Several brands of Philip Morris International Inc. cigarettes are arranged for a photograph in Tiskilwa, Illinois, U.S., on Tuesday, April 17, 2012. Philip Morris International Inc. is scheduled to release first quarter earnings data on April 19. Photographer: Daniel Acker/Bloomberg

Two of the world’s largest tobacco companies have suffered a fall in profits as the cost of closing factories and unfavourable currency exchange rates weighed on their full-year results.

Japan Tobacco, which sells the Camel and Winston brands through its international arm, said on Thursday that group profits fell 12.2 per cent to Y395.7bn for the year to the end of December 2014.

However, the company announced a share buyback plan worth Y100bn as it reported an 8.8 per cent rise in adjusted operating profit to Y447bn from Japan Tobacco International.

“Our international tobacco business delivered another set of impressive financial results and continues to be the profit growth engine of the JT Group,” said Mitsuomi Koizumi, JT chief executive.

Philip Morris International, the world’s largest tobacco company by volume outside of China, said its full-year profits fell 12.6 per cent to $7.5bn and warned that “extreme currency volatility” meant it did not plan any share buybacks this year.

“We remain steadfast in our aim to return around 100 per cent of our free cash flow to our shareholders,” said Andre Calantzopoulos, chief executive of PMI.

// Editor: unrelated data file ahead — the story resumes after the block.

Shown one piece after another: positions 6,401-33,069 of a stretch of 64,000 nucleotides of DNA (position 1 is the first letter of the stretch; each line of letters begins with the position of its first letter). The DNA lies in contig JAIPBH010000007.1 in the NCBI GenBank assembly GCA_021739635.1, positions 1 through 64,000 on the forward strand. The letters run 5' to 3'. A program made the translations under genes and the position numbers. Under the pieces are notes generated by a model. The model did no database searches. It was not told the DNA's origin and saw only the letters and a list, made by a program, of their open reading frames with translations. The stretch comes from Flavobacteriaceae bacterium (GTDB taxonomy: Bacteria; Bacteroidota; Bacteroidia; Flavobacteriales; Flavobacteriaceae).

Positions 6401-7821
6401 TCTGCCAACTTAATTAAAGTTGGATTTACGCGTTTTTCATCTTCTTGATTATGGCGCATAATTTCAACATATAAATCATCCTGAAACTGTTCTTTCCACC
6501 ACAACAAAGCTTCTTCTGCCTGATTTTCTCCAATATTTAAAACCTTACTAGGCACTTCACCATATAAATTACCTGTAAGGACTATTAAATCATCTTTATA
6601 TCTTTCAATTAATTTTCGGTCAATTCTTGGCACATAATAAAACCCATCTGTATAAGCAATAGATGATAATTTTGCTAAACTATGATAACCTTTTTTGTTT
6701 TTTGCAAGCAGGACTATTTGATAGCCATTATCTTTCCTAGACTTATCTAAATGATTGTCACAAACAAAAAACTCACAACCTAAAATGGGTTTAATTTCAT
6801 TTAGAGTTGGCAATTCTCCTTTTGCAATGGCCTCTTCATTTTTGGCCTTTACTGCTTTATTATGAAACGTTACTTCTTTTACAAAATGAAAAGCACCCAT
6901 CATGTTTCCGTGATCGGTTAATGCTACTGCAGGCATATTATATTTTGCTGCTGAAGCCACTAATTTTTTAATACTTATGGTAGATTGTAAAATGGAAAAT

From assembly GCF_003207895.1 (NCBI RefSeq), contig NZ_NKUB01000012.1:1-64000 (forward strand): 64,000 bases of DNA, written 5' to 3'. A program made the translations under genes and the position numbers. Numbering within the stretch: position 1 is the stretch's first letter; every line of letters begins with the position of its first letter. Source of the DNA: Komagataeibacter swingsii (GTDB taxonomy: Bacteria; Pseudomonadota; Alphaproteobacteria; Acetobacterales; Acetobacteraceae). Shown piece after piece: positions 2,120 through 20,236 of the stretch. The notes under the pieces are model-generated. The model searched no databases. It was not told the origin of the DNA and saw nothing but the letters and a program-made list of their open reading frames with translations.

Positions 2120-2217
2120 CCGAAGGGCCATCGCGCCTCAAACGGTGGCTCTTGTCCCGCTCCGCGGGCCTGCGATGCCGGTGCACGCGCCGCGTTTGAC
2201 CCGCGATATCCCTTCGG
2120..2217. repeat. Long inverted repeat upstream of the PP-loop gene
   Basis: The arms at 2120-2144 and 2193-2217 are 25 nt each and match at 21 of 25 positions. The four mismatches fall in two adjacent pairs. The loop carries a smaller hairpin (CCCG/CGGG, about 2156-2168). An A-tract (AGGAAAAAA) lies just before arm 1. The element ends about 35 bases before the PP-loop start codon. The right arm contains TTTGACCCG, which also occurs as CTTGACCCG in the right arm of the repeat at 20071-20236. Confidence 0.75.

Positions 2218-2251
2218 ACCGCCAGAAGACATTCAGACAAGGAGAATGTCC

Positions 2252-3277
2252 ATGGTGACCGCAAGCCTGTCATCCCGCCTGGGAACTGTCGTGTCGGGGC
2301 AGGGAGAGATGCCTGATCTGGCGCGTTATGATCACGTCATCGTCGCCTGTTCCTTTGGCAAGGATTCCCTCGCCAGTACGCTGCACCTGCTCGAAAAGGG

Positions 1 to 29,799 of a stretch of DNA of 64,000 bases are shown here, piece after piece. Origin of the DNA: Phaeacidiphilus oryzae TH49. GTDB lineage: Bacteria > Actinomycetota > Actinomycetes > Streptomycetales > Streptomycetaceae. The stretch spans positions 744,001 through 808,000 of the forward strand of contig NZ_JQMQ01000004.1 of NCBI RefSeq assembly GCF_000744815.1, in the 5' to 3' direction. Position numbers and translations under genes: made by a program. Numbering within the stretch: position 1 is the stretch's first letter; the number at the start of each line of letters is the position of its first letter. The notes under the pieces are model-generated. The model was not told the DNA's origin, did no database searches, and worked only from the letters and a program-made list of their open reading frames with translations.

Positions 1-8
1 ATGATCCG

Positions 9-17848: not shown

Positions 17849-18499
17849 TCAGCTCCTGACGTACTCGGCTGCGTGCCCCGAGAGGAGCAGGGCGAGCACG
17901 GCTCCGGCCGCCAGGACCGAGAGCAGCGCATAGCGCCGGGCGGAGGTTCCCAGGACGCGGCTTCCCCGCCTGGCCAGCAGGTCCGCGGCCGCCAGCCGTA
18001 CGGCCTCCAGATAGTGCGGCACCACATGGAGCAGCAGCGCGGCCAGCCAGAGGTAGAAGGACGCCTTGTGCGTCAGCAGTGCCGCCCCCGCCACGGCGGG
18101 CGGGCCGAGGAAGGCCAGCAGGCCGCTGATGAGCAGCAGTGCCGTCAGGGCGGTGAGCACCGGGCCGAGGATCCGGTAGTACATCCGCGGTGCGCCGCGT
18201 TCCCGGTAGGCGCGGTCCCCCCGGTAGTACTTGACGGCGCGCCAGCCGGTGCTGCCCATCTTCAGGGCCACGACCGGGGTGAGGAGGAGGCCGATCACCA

“However, given the recent extreme currency volatility, we are focused on managing our cash flow prudently and on maintaining our financial flexibility for business development opportunities.”

Reported earnings per share fell 9.5 per cent to $4.76.

Both companies have been restructuring their operations in the wake of falling global consumption. Japan Tobacco is closing its Gallaher plant in Northern Ireland, while PMI has halted production at plants in Australia and the Netherlands.

Erik Bloomquist, analyst at Berenberg, said Japan Tobacco’s share buyback programme would reassure investors about its commitment to returning cash. The company has been long pressed to return cash to shareholders by The Children’s Investment Master Fund, run by Chris Hohn.

“When investors look at various tobacco companies, JT’s commitment to competitive shareholder returns has been questioned. The buyback should alleviate much of that concern,” said Mr Bloomquist.

Cigarette volumes fell at both companies, driven by a market decline in Russia, the world’s second-largest market, and Japan, which have introduced tax increases on cigarettes.

Volumes fell 4.7 per cent to 398bn units at Japan Tobacco International and 3.6 per cent to 122.4bn in its domestic business. PMI’s volumes fell 2.8 per cent to 856bn units.

This article has been amended to reflect the fact that PMI has halted production at plants in Australia and the Netherlands, not Northern Ireland

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